(Marcus Garvey’s son declares) ‘My DNA says I’m Mandingo-Fulani’


Genetic ancestry testing is quite popular among people of African descent in Diaspora, seeking to trace their ancestral origin. 

“I am overwhelmed by the welcome and hospitality that I received in The Gambia,” Dr Garvey said. “I have been to many, many African countries around the globe but this is indeed the warmest welcome I have ever received. I will also tell you a secret that my DNA says that I am Mandingo-Fulani. May be my cousins are here.”

A citizen of the US, the son of 20th century civil rights leader, who became famous for Black Star Line, which promoted the return of African diaspora, made this revelation on Tuesday at Kairaba Beach Hotel. This was during a symposium at the ongoing International Roots Homecoming Festival held under the theme ‘African culture in the 21st century – prospects and challenges’.


Himself a pan-African activist, Dr Garvey said: “It is important to understand the context of our times and how we got here because if you wish to know the present you must look at the past and analyse it. [Former UN secretary general] Kofi Annan said ‘to live is to choose but to choose well, you must know who you are and what you stand for, where you want to go and why you want to get there’. I might add to that: How you plan to get there. My answer to Kofi Annan is that I am an African man and I choose to stand for the United States of Africa and a universal pan-African nation and I work for the redemption of Africa and the reconstruction of African civilisation. That is why I owe it to myself, my ancestors, children and generations yet unborn. African humanism is the paradigm that the world needs. We are one billion people in possession of the richest continent on earth. There is no reason we can’t make the 21st century the century of African renaissance and accomplishment. Let us lead the way for a better future for all humanity. Up you mighty people, you can accomplish what you will!”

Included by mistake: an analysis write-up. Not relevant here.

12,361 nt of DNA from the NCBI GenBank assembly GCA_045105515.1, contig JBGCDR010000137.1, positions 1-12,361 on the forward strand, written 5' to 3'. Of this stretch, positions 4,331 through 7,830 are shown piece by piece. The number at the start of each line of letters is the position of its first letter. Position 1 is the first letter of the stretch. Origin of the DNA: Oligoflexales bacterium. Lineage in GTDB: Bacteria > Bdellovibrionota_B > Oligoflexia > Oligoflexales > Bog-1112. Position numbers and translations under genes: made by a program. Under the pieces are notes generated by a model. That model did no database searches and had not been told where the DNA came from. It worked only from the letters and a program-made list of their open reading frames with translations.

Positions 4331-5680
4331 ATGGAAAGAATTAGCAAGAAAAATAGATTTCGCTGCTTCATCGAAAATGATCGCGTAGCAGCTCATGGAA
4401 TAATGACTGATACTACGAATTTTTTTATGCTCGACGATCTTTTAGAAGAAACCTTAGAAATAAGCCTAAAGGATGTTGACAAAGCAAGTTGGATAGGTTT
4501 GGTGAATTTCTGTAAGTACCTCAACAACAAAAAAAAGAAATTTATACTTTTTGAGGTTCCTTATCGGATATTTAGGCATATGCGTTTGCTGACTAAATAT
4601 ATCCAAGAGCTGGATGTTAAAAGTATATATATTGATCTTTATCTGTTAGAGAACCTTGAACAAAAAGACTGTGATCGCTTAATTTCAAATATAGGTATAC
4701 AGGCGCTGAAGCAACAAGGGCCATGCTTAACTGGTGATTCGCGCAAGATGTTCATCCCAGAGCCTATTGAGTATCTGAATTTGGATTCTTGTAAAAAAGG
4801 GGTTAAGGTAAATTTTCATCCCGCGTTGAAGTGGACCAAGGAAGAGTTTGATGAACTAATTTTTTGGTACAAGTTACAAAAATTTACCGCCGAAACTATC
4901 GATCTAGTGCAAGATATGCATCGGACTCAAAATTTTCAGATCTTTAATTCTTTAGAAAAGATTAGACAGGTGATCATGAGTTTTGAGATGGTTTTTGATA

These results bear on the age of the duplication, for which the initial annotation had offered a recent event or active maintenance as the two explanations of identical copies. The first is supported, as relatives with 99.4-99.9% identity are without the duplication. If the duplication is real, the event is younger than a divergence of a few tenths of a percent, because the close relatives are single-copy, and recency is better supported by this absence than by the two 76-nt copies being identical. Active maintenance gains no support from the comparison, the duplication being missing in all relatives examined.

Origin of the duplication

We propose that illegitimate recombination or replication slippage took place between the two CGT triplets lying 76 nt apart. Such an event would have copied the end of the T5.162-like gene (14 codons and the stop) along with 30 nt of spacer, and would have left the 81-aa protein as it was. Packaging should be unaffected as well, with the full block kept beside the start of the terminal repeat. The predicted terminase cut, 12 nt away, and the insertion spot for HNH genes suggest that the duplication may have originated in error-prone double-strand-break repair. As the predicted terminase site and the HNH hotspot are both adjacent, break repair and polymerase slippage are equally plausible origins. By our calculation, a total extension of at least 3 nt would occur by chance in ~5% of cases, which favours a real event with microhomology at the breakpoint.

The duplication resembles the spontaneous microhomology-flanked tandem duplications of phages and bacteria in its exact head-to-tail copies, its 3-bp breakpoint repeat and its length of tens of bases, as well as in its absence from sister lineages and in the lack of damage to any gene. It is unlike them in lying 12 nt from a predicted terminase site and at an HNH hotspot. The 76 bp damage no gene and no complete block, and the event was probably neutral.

Contributing during the question-and-comment session, another Roots delegate, Dr Runoko Rashidi, a historian, essayist, author and public lecturer, said: “Today I am trying to cover about 305 million years of history in about 35 minutes. I want to make this a global perspective because we are talking about Africa and Africans in Africa surviving in the 21st century. We are a global people. Our history begins in Africa but we should never, ever start our history with slavery. We should not be defined by slavery. I am not a descendant of slaves; I am a descendant of the first people to populate the planet earth, the first people to give civilisation and humanity to the world. African history is not slavery, slavery interrupted African history.

“What I say is this: What you do for yourself depends on what you think of yourself, and what you think of yourself depends on what you know of yourself, and what you know of yourself depends on what you have been told. So if you are told that your history starts with slavery, if you are told that your history starts with colonisation, if you are told that you waited in a dark room for a white man to come into the room and put you under light and bring you civilisaton, you are lost. Marcus Garvey used to say ‘if you have no confidence, you are defeated before you even start.”


By Alagie Manneh